Lie. apgėlaĩ, ãpgėlės, apgė́los ir kt.

Rūta Buivydienė


LITH. apgėlaĩ, ãpgėlės, apgė́los ETC.


The ethnographic terms Lith. apgėlaĩ, ãpgėlės, apgė́los ‘a ritual visit to a woman that has given birth to a child, as well as the presents given and the refreshments offered on the occasion’ (LKŽ I2 194), up to now have not been discussed anywhere from the viewpoint of word-formation and origin. These words seem to be, in the author’s opinion, terms with various endings derived from the prefixed verb apgélti (àpgelia, apgė́lė). Concerning their semantic motivation, they are to be explained first as “ritual celebration of the end of birth pain (gėlà), as well as the presents given on the occasion” (cf. another related prefixal derivative ãtgėlos ‘a several days’ rest after child-birth’ (= ‘the recession, the end of the birth pain’) (: atgélti, atgė́lė) and belong with the other terms of ritual celebrating the completion of something, terms, which are derived from prefixal verbs by means of endings, cf. ãpbangos ‘ritual feast celebrating the end of something’, ãpminos ‘feast celebrating the completion of flax dressing’, ãpkulos ‘feast celebrating the completion of the thrashing season’, etc. The linking of apgėlaĩ, as well as other word-formative and morphological variants of this word to the verb apgélti is also supported by the verbal noun pagėlaĩ ‘a humid, cold, bitter weather; freezing’, also related to the verb gélti, only derived from the prefixal verb pagélti (pagė́lė) based on another meaning of the verb – ‘to freeze (up to piercing pain)’.

The article discusses the oldest written sources of the ethnographic terms in question (these lists are complemented by 17lh century manuscript dictionaries). The content of the apgėlai custom is described on the basis of ethnographic data and written sources of the 17th and 18th cc, whereas the origins of the words apgėlaĩ, ãpgėlės, and apgė́los are explained in the broad context of the word-formation system of the Lithuanian language. The origins and word-formative properties of the main synonymous terms for the custom radỹnos, patekỹlai, patekė̃lai, patekỹnos, patekaĩ, palankỹnos are also discussed. The verb apgėlė́ti (-ė́ja, -ė́jo) ‘to visit a woman recently confined, and to bring presents to her’ (LKŽ I2 194) represents, in the author’s opinion, a desubstantival verb, formed with the suffix -ėti from the noun apgėlaĩ (or ãpgėlės, apgė́los); from the viewpoint of word-formative motivation this secondary verb means ‘to participate in the rite of apgėlaĩ’, cf. also the desubstantival verbs atlaidúoti ‘take part in atlaidaĩ (: atlaidaĩ ‘a church festival of indulgence’), atmeiláuti ‘take part in ãtmeilės (: ãtmeilės ‘a certain rite after marriage’).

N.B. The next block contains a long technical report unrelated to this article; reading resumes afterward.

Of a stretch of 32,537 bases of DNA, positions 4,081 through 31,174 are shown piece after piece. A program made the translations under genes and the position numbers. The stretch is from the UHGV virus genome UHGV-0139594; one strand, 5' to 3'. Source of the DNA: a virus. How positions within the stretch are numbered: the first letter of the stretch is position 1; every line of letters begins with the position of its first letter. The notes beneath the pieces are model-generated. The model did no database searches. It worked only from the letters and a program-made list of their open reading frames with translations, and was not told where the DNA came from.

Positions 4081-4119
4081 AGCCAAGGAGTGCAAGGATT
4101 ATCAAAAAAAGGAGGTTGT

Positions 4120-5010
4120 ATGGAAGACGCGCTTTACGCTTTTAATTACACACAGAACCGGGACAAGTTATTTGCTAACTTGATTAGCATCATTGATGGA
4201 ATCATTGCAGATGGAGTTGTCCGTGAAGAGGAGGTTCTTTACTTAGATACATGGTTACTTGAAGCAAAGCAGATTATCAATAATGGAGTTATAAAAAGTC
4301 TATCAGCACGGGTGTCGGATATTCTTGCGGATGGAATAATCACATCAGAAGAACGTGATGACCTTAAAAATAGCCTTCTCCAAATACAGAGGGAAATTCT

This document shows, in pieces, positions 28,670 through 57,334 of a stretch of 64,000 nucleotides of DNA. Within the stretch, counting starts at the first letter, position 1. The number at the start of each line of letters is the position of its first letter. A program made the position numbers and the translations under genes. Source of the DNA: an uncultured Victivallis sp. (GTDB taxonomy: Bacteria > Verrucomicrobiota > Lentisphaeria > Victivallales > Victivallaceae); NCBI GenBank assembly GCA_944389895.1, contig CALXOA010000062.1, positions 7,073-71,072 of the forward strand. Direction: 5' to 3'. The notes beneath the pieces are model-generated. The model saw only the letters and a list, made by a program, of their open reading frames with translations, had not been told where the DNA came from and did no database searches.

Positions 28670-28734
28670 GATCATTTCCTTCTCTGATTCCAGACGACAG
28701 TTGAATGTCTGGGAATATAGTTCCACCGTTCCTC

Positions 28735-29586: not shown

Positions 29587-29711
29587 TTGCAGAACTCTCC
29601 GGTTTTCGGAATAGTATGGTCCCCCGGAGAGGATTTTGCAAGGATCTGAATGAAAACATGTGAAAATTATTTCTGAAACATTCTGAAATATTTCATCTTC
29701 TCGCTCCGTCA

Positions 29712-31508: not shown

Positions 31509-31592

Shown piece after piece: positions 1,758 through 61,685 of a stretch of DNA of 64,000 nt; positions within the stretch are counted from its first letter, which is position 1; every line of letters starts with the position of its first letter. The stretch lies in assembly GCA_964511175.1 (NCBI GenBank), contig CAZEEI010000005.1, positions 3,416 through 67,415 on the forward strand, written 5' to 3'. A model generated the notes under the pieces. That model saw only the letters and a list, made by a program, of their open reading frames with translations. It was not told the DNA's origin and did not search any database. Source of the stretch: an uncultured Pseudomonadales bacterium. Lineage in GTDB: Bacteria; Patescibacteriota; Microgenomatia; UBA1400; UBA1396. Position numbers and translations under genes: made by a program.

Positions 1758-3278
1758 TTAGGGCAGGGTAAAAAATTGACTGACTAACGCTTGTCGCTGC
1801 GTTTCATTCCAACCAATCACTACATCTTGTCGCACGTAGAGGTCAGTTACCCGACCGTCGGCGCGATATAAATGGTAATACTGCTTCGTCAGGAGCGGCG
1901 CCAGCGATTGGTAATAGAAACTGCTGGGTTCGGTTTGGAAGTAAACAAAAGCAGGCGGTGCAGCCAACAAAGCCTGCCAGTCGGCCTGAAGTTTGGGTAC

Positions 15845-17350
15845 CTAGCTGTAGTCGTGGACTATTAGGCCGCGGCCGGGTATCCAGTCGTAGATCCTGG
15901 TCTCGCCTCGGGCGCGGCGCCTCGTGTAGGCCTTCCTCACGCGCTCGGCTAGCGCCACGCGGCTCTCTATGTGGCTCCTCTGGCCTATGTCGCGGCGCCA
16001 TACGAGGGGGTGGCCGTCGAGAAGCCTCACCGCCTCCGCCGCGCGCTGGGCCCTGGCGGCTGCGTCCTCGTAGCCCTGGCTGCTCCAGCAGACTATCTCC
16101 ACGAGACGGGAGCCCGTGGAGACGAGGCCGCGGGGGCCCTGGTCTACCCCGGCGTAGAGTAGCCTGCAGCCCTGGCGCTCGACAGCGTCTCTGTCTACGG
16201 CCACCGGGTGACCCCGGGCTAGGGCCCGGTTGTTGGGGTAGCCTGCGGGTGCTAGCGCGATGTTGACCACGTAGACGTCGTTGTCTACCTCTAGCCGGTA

DOI: 10.15388/baltistica.36.2.616

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